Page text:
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With Javier Vazquez’ recent demotion to the bullpen, I can’t help but ask myself if this is the end of the Vazquez in the Bronx.  Two times Vazquez came to the Bronx among high expectations and two times now he has failed.  He might even be done there for good.

After a great start to the 2004 season which saw him start the all-star game, Vazquez finished the season like a chump and was shipped off to Arizona.  I personally had high hopes for the guy when he was acquired from Atlanta this offseason for Melky Cabrera.  Vazquez was coming of a season which might have been his best ever as a pro.  He was 15-10 for an Atlanta team that was at best an average squad.  He boasted a career best 2.87 ERA and his second-highest career total in strikeouts with 238.

For his career, Vazquez even appears as a safe bet.  Since 2000, his numbers are eerily consistent.  He has not started less than 32 games or more than 34.  He has won at least 11 games a season, but never more than 16.  Excluding 2009 and 2010, his ERA was always between 3.42 and 4.84.  His career record is 151-148 with a career 4.23 ERA while playing mostly for

Vazquez is 9-9 this season with a career-worst 5.05 ERA.  Even worse, he has not won a start in 4 weeks and has not made it to the 7th inning since July.  He has lost two of his previous four starts and has experienced an astounding drop in his pitch velocity, requiring him to pitch around batters and throw anywhere from 80-100 pitches in 4-5 innings.  Not exactly the definition of effective pitching.

Don’t quote me on this, but I believe his contract is over at the end of this season and pitching .500 ball with a 5.05 ERA sort of makes him expendable.  Newcomers Dustin Moseley and Ivan Nova have been more than willing to and seem more than capable of filling the roles left behind by Vazquez and the injured Andy Pettitte.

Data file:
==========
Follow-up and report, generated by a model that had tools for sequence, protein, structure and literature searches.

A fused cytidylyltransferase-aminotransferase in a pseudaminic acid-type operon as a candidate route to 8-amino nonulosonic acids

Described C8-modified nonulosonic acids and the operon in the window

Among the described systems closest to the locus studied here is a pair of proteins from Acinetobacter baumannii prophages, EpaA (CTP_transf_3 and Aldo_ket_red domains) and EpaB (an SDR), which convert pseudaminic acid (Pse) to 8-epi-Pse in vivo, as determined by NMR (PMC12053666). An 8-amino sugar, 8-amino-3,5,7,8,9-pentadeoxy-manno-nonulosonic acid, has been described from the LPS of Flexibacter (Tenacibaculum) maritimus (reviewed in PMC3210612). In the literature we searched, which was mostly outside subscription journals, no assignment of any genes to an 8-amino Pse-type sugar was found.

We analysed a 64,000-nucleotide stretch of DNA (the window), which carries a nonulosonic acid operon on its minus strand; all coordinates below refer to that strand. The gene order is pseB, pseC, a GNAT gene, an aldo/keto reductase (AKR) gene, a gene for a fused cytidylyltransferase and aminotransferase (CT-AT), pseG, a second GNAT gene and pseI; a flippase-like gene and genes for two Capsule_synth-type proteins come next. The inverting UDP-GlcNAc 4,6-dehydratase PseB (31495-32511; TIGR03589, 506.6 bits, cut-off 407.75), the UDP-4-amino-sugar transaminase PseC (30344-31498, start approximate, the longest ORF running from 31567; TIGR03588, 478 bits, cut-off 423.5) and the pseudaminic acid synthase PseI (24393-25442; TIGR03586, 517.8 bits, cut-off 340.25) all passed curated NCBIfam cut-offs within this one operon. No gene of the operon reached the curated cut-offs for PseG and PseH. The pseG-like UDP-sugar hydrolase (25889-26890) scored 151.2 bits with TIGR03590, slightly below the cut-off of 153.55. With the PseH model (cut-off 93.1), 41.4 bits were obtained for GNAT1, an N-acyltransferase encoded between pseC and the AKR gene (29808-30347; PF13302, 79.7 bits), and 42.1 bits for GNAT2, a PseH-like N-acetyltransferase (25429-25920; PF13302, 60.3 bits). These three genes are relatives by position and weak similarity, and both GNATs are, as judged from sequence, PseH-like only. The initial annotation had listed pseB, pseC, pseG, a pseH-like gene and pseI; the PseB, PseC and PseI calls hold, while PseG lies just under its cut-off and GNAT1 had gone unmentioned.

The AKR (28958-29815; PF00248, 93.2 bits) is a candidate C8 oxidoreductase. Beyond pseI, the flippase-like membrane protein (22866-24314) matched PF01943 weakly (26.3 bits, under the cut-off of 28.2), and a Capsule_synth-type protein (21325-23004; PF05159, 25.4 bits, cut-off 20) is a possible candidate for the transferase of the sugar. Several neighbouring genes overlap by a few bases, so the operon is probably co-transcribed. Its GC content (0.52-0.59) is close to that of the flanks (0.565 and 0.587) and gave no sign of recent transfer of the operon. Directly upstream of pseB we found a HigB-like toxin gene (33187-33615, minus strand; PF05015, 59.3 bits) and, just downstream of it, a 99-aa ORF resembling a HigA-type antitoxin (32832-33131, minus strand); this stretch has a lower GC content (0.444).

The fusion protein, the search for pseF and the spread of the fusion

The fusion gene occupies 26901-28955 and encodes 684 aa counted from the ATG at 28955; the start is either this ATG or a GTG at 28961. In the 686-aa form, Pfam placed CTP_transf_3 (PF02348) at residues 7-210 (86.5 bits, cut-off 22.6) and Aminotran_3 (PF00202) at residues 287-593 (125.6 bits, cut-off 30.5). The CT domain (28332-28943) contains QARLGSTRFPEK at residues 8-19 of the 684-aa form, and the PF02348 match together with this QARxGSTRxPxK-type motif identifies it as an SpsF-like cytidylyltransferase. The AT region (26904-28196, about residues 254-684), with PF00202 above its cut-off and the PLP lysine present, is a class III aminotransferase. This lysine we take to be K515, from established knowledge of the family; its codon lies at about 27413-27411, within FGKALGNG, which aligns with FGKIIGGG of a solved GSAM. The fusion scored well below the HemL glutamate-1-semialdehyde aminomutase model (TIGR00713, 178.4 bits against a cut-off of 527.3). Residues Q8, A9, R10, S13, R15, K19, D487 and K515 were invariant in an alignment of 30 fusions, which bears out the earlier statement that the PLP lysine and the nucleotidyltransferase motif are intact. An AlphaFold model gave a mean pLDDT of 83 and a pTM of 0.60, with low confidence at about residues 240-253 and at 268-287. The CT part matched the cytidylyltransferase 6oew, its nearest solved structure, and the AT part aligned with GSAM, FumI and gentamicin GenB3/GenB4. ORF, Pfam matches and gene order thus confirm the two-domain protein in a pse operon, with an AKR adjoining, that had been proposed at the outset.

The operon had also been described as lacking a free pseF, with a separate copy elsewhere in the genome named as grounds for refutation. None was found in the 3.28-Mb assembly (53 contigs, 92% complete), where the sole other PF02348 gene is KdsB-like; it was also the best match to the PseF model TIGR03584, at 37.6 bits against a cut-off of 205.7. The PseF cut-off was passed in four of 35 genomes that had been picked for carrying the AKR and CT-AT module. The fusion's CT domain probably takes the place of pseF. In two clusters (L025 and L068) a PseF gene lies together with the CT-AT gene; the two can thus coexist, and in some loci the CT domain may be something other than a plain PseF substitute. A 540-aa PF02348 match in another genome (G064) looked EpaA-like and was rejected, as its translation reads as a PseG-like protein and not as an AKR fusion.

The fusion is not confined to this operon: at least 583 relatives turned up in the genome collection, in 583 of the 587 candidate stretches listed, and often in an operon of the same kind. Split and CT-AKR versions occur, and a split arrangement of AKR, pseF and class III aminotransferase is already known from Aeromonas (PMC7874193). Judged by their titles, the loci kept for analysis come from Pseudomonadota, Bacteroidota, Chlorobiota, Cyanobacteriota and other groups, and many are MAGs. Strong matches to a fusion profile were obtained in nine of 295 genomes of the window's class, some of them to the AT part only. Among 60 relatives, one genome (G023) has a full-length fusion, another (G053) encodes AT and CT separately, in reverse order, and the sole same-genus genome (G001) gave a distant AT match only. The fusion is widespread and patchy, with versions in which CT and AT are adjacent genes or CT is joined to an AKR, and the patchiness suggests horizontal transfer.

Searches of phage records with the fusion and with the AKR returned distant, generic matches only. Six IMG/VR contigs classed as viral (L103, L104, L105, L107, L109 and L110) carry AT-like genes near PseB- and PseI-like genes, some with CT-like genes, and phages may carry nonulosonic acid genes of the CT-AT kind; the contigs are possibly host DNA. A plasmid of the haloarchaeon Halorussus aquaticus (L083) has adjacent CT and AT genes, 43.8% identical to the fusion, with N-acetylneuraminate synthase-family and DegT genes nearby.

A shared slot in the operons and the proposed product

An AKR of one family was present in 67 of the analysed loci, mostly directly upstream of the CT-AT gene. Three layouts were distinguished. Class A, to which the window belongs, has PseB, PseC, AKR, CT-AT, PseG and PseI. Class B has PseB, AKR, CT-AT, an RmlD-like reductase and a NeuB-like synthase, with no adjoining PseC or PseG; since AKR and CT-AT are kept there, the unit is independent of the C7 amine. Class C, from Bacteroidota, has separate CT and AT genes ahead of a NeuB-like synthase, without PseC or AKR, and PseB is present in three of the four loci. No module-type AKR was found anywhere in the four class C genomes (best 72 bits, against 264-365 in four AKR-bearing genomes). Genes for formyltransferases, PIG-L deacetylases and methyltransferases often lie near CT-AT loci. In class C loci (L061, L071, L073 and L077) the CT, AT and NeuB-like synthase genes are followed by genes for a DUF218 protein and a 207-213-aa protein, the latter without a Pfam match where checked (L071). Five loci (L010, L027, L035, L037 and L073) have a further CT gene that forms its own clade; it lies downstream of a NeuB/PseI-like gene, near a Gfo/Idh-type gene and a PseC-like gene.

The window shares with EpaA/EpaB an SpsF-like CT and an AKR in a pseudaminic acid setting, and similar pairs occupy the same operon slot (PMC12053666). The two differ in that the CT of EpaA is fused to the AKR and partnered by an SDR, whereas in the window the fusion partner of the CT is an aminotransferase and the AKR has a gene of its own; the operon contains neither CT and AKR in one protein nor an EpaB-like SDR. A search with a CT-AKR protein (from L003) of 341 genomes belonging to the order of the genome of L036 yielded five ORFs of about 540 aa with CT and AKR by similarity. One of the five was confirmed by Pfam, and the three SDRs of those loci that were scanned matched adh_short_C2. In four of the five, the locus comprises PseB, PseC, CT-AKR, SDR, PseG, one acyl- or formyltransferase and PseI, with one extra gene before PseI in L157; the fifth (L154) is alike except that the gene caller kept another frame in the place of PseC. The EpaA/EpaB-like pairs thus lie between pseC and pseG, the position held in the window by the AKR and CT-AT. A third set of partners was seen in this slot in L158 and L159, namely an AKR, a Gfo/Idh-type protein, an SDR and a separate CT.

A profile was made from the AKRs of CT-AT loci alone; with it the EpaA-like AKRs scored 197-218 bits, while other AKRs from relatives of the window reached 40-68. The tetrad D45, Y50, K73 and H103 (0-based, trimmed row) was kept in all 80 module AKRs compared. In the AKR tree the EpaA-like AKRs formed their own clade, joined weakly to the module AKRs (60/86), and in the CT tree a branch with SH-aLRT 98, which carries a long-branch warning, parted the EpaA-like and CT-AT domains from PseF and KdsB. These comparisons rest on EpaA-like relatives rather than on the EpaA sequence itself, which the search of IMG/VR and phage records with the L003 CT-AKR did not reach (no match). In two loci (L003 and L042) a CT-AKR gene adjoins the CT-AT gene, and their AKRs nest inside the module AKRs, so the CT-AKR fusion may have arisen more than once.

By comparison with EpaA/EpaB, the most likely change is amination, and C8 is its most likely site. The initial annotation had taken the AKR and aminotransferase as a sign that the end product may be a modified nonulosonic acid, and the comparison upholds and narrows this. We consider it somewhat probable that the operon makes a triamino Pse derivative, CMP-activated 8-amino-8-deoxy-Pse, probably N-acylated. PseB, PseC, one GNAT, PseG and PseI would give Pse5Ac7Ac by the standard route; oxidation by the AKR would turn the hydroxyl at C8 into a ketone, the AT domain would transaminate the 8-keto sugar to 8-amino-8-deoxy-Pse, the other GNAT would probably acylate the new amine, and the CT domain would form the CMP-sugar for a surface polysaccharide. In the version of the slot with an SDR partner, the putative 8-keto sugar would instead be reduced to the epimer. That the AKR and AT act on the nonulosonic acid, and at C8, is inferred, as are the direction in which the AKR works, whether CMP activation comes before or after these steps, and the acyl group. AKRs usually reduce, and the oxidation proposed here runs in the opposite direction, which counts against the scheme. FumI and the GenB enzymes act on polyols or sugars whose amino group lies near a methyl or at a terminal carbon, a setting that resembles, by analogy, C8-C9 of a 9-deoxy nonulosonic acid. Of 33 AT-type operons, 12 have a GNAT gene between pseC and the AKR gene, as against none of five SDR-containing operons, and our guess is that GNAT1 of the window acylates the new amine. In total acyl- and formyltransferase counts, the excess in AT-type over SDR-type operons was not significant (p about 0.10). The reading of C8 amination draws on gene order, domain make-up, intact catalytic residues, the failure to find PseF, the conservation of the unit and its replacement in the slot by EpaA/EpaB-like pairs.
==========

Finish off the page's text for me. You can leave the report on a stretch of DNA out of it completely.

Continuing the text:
On September 1, the rosters of every team expand to 40.  Unless Vazquez can reinvent himself as a member of the bullpen, he’ll just be one of the pitchers in the ‘pen that the Yankees never use.  He won’t make a potential playoff or World Series roster and will find himself somewhere other than Tampa for spring training next season.

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A scathing report on the Florida Marlins new stadium came out today on Yahoo Sports, essentially calling out the Marlins franchise for lying to public officials about the need for civil monetary support of the Marlins new stadium.  The report also goes into detail about how this is becoming the norm in American sports – taxpayers footing the bill for gigantic stadiums and keep all or most of the revenues for them.

Check out the article here.  It’s a great read.

This picture was taken at the Sunday afternoon game in the Bronx.  After a lengthy rain delay which saw non-stop heavy rain, someone I was at the game with asked what they were going to do with all the water stuck on the tarp.  I had no idea until I saw the grounds crew pull the tarp in the outfield dumping all the water you see forming a lake in left field in front of the tarp.